- This is due to the fact that fragmentation is ineffective without interleaving
- Fragment size is calculated based on physical interface speed to allow minimum serialization delay

Example: Enable FRF.12 fragmentation for PVC DLCI 112 and physical interface speed 512Kbps

!
! PVC shaped to 384Kbps, with physical interface speed 512Kbps
!
map-class frame-relay SHAPE_384K_FRF12
frame-relay cir 384000
frame-relay bc 3840
frame-relay be 0
!
! Per-VC fancy-queueing
!
frame-relay fair-queue

!
! Enable FRF.12 per VC. Fragment size = 512Kbps*0,01/8 = 640 bytes
!
frame-relay fragment 640
!
!
!
interface Serial 0/0/0:0
frame-relay traffic-shaping
!
interface Serial 0/0/0:0.1
ip address 177.0.112.1 255.255.255.0
frame-relay interface-dlci 112
class SHAPE_384K_FRF12

Verfication: Check PVC settings

Rack1R1#show frame-relay pvc 112

PVC Statistics for interface Serial0/0/0:0 (Frame Relay DTE)

DLCI = 112, DLCI USAGE = LOCAL, PVC STATUS = ACTIVE, INTERFACE = Serial0/0/0:0.1

fragment type end-to-end fragment size 640
cir 384000 bc 3840 be 0 limit 480 interval 10
mincir 192000 byte increment 480 BECN response no IF_CONG no
frags 1999 bytes 135126 frags delayed 0 bytes delayed 0
shaping inactive
traffic shaping drops 0
Queueing strategy: weighted fair
Current fair queue configuration:
Discard Dynamic Reserved
threshold queue count queue count
64 16 0
Output queue size 0/max total 600/drops 0

Look at physical interface queue:

Rack1R1#show interfaces serial 0/0/0:0 | inc Queu|Output q
Queueing strategy: dual fifo
Output queue: high size/max/dropped 0/256/0
Output queue: 0/128 (size/max)

- You can map up to 4 priority queues to 4 different VCs (inverse PIPQ)
- This scenario usually implies multiple PVCs running between two sites (e.g. PVC for voice and PVC for data)

Example: Map voice packets to high interface-level priority queue and send them over PVC 112

!
! Voice bearer
!
access-list 101 permit udp any any range 16384 32767

!
! Simple priority list to classify voice bearer to high queue
!
priority-list 1 protocol ip high list 101

interface Serial 0/0/0:0
ip address 177.1.0.1 255.255.255.0
!
! We apply the priority group twice: first to implement queueing
!
priority-group 1
!
! Next to map priority levels to DLCIs
!
frame-relay priority-dlci-group 1 112 112 113 113

Verfication:

Rack1R1#show queueing interface serial 0/0/0:0
Interface Serial0/0/0:0 queueing strategy: priority

Output queue utilization (queue/count)
high/217 medium/0 normal/1104 low/55

Rack1R1#show frame-relay pvc 112

PVC Statistics for interface Serial0/0/0:0 (Frame Relay DTE)

DLCI = 112, DLCI USAGE = LOCAL, PVC STATUS = ACTIVE, INTERFACE = Serial0/0/0:0

pvc create time 3d01h, last time pvc status changed 3d01h
Priority DLCI Group 1, DLCI 112 (HIGH), DLCI 112 (MEDIUM)
DLCI 113 (NORMAL), DLCI 113 (LOW)

- You can change per-VC queue to CBWFQ/LLQ, and still shape with FRTS
- Note that available bandwidth will be calculated from minCIR value, which is CIR/2 by default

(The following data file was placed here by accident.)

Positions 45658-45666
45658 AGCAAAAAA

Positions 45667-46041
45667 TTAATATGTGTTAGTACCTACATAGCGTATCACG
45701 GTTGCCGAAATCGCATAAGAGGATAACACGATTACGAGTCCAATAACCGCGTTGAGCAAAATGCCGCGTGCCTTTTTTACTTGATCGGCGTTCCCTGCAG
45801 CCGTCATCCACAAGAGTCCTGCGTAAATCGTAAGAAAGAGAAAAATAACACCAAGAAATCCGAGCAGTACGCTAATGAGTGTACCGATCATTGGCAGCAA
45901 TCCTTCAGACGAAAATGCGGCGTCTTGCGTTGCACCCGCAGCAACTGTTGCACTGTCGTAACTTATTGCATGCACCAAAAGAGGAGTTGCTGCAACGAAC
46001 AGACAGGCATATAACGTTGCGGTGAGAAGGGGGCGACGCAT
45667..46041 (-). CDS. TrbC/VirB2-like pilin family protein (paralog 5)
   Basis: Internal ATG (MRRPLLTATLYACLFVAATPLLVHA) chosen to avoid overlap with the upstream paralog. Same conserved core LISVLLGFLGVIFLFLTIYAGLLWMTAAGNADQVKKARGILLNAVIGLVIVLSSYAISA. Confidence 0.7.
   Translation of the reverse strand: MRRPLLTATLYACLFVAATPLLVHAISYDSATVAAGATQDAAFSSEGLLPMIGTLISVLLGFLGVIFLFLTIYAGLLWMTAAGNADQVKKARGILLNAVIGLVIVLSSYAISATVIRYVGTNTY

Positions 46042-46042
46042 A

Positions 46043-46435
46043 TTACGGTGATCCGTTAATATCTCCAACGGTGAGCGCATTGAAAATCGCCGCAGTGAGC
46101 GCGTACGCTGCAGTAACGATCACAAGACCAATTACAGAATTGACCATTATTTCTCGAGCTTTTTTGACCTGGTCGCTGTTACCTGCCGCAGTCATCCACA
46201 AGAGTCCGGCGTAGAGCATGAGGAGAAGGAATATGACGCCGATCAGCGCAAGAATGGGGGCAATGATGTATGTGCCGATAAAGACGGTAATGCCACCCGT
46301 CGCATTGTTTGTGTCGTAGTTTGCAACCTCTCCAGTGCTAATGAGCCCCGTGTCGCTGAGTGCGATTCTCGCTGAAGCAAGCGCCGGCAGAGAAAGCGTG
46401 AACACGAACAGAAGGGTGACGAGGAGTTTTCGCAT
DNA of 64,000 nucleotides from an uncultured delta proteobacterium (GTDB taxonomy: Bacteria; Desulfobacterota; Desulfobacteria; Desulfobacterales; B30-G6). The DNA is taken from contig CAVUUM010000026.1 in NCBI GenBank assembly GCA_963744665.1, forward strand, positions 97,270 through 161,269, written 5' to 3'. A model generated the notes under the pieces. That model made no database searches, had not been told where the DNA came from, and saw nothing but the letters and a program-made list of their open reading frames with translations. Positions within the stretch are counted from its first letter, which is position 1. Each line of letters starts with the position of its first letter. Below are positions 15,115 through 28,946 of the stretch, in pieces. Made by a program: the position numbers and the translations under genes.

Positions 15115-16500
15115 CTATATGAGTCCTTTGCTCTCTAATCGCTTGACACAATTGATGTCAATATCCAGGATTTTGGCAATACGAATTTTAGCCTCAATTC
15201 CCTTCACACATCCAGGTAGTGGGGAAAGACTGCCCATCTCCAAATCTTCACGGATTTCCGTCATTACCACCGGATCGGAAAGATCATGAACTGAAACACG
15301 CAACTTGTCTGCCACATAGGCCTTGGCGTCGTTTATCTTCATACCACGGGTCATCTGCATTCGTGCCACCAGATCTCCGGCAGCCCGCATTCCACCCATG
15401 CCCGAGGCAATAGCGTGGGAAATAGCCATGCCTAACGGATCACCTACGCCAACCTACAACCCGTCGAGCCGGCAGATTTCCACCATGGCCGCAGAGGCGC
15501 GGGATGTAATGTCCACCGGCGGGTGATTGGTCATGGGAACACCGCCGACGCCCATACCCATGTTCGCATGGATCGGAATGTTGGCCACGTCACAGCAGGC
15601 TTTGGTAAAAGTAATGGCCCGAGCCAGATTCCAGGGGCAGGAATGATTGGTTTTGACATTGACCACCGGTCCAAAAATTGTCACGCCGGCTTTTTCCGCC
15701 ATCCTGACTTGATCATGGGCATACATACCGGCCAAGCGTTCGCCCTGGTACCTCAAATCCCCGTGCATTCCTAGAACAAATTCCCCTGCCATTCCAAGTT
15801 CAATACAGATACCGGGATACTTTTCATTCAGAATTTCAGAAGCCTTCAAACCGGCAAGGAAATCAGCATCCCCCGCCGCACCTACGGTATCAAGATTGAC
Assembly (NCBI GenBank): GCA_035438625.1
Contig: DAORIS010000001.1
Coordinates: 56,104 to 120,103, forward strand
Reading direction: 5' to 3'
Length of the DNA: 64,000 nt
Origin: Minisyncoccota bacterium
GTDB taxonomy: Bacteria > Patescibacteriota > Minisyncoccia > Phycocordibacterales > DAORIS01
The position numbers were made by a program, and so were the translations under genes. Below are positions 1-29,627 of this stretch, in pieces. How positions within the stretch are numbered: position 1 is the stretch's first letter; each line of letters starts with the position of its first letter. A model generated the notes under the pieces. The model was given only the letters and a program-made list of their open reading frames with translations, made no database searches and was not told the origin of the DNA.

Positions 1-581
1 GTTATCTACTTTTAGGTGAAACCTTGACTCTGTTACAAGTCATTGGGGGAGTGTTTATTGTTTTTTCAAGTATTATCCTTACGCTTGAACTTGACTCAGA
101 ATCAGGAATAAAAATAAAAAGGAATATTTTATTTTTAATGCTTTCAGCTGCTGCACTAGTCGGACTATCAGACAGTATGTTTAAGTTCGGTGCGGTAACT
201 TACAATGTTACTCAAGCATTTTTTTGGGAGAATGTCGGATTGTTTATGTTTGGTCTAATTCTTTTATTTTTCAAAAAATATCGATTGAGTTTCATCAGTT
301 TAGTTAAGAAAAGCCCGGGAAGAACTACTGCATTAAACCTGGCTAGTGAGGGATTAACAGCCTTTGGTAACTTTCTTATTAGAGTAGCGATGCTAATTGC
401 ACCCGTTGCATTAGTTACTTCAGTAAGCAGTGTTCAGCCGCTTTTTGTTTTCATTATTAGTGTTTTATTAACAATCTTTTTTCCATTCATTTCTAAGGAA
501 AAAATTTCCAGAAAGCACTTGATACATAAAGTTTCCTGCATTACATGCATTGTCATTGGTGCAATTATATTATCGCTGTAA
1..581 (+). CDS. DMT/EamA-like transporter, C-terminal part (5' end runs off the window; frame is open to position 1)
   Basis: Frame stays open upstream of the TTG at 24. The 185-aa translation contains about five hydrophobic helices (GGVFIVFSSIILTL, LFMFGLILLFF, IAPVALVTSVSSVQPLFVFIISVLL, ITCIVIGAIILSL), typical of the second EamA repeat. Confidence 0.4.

Example: Implement CBWFQ Per-VC

!
! Classify voice using NBAR
!
class-map VOICE
match protocol rtp

!
! Simple LLQ
!
policy-map CBWFQ
class VOICE
priority 64
class class-default
bandwidth 64

!
! Use CBWFQ as queueing strategy
! Note that MinCIR = 384/2=192Kbps
!
map-class frame-relay SHAPE_384K_CBWFQ
frame-relay cir 384000
frame-relay bc 3840
frame-relay be 0
service-policy output CBWFQ
!
!
!
interface Serial 0/0/0:0
frame-relay traffic-shaping
!
interface Serial 0/0/0:0.1
ip address 177.0.112.1 255.255.255.0
frame-relay interface-dlci 112
class SHAPE_384K_CBWFQ

Verfication: Check PVC queueing strategy

Rack1R1#show frame-relay pvc 112

PVC Statistics for interface Serial0/0/0:0 (Frame Relay DTE)

DLCI = 112, DLCI USAGE = LOCAL, PVC STATUS = ACTIVE, INTERFACE = Serial0/0/0:0

cir 384000 bc 3840 be 0 byte limit 480 interval 10
mincir 192000 byte increment 480 Adaptive Shaping none
pkts 0 bytes 0 pkts delayed 0 bytes delayed 0
shaping inactive
traffic shaping drops 0
service policy CBWFQ
Serial0/0/0:0: DLCI 112 -

Service-policy output: CBWFQ

Class-map: VOICE (match-all)
0 packets, 0 bytes
5 minute offered rate 0 bps, drop rate 0 bps
Match: protocol rtp
Queueing
Strict Priority
Output Queue: Conversation 40
Bandwidth 64 (kbps) Burst 1600 (Bytes)
(pkts matched/bytes matched) 0/0
(total drops/bytes drops) 0/0

Class-map: class-default (match-any)
32 packets, 2560 bytes
5 minute offered rate 0 bps, drop rate 0 bps
Match: any
Queueing
Output Queue: Conversation 41
Bandwidth 128 (kbps) Max Threshold 64 (packets)
(pkts matched/bytes matched) 0/0
(depth/total drops/no-buffer drops) 0/0/0
Output queue size 0/max total 600/drops 0

To verify that only MinCIR of bandwidth is allocated to CBWFQ under map-class do the following:

Rack1R1(config)#policy-map CBWFQ
Rack1R1(config-pmap)# class VOICE
Rack1R1(config-pmap-c)# priority 64
Rack1R1(config-pmap-c)# class class-default
Rack1R1(config-pmap-c)# bandwidth 192
I/f Serial0/0/0:0 DLCI 112 Class class-default requested bandwidth 192 (kbps) Only 128 (kbps) available

Petr Lapukhov, 4xCCIE/CCDE
About Petr Lapukhov, 4xCCIE/CCDE

Petr Lapukhov has more than 12 years of experience working with Cisco Systems products. Not only is he the only person in the world to have earned four CCIEs (Routing & Switching, Security, Service Provider, and Voice) in just two years, he also passed every exam the first time. He shares his knowledge and experience with INE’s students through our various products and programs. Petr works with all of the technologies covered within his four CCIE tracks on a daily basis, staying current with any changes in the industry. He has also received his Cisco Certified Design Expert (CCDE) certification, joining a small group of distinguished individuals who have achieved this status. Petr is a contributor to INE’s blog and our INE IEOC Community Forum. You may contact Petr Lapukhov at petr@ine.com.

Subscribe to INE Blog Updates

New Blog Posts!